HICKSVILLE – There’s going to be a change of leadership in the village.
Mayor Ron Jones has decided not to run for re-election this year. Councilman Mike Barth, who is running unopposed, is set to be the next mayor. “I’ve been on Hicksville Council for 20 years and now am completing four years as mayor,” Jones reflected. “I have thoroughly enjoyed serving this community, but it’s time for new ideas and leadership. It’s time for me to step down and enjoy some traveling and more family time.”
When Jones became Mayor his goals were “to communicate and encourage growth with our business owners and industrial partners, to develop housing opportunities in our community, and to continue to expand our parks.” Under Jones' leadership, the downtown business district has been growing right along with local industry. “As of right now, we have four existing industries that are planning expansions with great potential for increased jobs,” he said. “We have a spec building that is going to be built by Bryan Keller at the Industrial Park. This has been a goal and I’ve been working with the Defiance County CIC to get this accomplished.
Jones also praised the community for its work to better the village. “Our community has really stepped up to improve our Little League fields and softball diamonds,” he stressed. “They are working on a walking trail, and wow, what a splash pad and pool is being built. Our park is certainly growing and doing well.”
Jones stressed that housing is still an issue in the village, but officials are working to get LaBar Drive developed to create about 50 building lots. As mayor there are some projects he is most proud of in the community. He said the water well fields have been completed and “are vital for our community and the new water tower, which are the results of a lot of work, writing and receiving grants.”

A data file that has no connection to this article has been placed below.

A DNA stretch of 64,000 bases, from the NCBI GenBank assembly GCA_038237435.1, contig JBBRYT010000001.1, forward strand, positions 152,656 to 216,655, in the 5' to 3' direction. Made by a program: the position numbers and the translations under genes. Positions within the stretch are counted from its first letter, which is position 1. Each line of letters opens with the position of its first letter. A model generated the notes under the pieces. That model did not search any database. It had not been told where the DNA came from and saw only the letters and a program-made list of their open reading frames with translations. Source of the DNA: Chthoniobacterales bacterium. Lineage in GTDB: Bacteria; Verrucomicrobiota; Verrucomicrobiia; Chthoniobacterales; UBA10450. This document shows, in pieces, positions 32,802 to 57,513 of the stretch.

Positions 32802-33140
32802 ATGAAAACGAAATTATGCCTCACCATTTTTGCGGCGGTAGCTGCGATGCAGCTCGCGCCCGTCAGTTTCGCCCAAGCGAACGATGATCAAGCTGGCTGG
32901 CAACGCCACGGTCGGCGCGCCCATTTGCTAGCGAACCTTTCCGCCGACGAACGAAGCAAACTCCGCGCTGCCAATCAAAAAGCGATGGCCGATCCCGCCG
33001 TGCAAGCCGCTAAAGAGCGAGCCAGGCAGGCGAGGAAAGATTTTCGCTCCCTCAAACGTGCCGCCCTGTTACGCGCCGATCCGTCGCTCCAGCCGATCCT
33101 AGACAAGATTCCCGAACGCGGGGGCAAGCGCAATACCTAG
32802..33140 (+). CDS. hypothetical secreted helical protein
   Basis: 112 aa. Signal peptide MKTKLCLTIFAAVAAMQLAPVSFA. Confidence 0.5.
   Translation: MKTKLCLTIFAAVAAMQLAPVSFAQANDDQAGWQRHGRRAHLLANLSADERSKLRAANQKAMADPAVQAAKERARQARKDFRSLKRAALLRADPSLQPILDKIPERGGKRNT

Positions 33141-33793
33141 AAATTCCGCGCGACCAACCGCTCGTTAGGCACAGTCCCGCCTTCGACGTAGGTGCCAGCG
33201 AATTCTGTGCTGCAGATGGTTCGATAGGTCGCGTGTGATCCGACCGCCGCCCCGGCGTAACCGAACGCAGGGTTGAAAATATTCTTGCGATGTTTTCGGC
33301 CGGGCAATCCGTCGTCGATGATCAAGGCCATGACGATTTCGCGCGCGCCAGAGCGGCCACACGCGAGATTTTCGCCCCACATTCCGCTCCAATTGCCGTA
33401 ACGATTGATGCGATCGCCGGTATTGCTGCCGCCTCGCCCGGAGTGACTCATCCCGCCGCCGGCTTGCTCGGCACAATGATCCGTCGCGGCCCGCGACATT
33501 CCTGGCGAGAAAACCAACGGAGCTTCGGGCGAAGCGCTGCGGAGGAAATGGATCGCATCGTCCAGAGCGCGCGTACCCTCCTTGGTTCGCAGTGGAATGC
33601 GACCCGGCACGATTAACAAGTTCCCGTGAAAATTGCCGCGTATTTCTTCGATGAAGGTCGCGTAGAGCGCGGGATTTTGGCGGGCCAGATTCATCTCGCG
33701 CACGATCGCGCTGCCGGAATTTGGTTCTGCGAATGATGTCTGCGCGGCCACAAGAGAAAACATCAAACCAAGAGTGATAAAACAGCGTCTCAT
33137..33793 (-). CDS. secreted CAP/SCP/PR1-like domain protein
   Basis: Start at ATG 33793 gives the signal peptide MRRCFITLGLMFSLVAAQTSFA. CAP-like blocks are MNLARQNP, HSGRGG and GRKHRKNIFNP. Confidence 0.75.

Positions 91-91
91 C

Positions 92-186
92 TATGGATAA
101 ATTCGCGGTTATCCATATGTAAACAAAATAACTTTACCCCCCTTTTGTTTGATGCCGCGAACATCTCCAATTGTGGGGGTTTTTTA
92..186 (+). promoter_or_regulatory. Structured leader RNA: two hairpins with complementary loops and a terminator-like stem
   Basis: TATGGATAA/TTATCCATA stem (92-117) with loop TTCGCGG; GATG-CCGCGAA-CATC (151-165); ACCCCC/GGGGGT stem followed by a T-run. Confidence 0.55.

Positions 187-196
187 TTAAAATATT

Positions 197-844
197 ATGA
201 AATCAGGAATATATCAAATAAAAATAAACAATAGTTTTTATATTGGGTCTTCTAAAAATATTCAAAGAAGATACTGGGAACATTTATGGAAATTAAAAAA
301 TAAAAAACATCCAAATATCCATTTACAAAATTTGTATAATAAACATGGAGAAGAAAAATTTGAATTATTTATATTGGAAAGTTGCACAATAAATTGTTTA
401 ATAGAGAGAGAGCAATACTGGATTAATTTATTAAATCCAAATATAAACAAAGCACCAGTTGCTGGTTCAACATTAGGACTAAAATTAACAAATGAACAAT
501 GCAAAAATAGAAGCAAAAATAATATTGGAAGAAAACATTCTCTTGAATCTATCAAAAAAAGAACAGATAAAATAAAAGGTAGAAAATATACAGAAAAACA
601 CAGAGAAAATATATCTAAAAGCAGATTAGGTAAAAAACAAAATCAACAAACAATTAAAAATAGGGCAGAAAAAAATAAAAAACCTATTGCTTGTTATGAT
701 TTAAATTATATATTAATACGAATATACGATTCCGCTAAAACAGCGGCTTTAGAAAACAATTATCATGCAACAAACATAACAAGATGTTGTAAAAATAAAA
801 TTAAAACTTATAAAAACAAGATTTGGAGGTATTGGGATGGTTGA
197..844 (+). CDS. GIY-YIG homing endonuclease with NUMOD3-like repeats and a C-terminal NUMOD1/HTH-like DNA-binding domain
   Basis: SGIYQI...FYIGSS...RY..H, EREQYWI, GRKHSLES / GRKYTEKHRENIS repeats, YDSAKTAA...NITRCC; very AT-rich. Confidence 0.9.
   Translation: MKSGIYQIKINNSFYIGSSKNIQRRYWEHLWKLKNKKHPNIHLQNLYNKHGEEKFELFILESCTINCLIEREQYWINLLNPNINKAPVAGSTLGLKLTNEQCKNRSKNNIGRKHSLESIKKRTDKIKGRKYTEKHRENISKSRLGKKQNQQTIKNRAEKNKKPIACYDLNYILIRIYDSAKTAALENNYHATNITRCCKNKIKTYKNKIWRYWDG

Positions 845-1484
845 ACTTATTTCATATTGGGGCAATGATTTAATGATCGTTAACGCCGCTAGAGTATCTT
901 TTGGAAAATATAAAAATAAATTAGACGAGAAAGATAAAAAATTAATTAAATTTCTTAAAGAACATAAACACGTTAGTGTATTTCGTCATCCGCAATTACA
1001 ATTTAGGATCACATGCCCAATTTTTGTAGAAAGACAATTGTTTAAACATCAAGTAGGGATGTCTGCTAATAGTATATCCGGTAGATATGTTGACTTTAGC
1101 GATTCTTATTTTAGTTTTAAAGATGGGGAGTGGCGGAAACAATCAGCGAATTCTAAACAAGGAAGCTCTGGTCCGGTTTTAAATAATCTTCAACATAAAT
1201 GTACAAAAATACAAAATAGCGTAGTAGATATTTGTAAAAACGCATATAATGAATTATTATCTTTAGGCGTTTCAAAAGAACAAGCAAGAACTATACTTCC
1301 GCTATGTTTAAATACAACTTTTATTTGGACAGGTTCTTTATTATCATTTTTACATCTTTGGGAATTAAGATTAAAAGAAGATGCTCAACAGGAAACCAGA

He also is proud of the exciting work happening at the parks with the new pool and splash pad.
“This all started through a few private community donors, who then engaged the community into helping to raise the money,” he stressed. “At that point, the council decided it would be cheaper to join the swimming pool replacement project with the splash pad. This allows for some shared facilities and just makes sense financially for the village.”
Being mayor during COVID offered some challenges that previous mayors did not have to deal with. Jones said by following the guidance from the county health department, the village was able to continue to serve the community. “I think our village handled it very well,” he reflected. “The offices were closed to the public, but all council meetings were still held and all employees were considered to be essential and continued to work to serve the community.”
While COVID was difficult, when asked what the hardest part about being mayor was, Jones said the government bureaucracy adding “anything you do in government takes a lot longer. There are lots of steps and regulations that you have to work with, and it can be very frustrating.”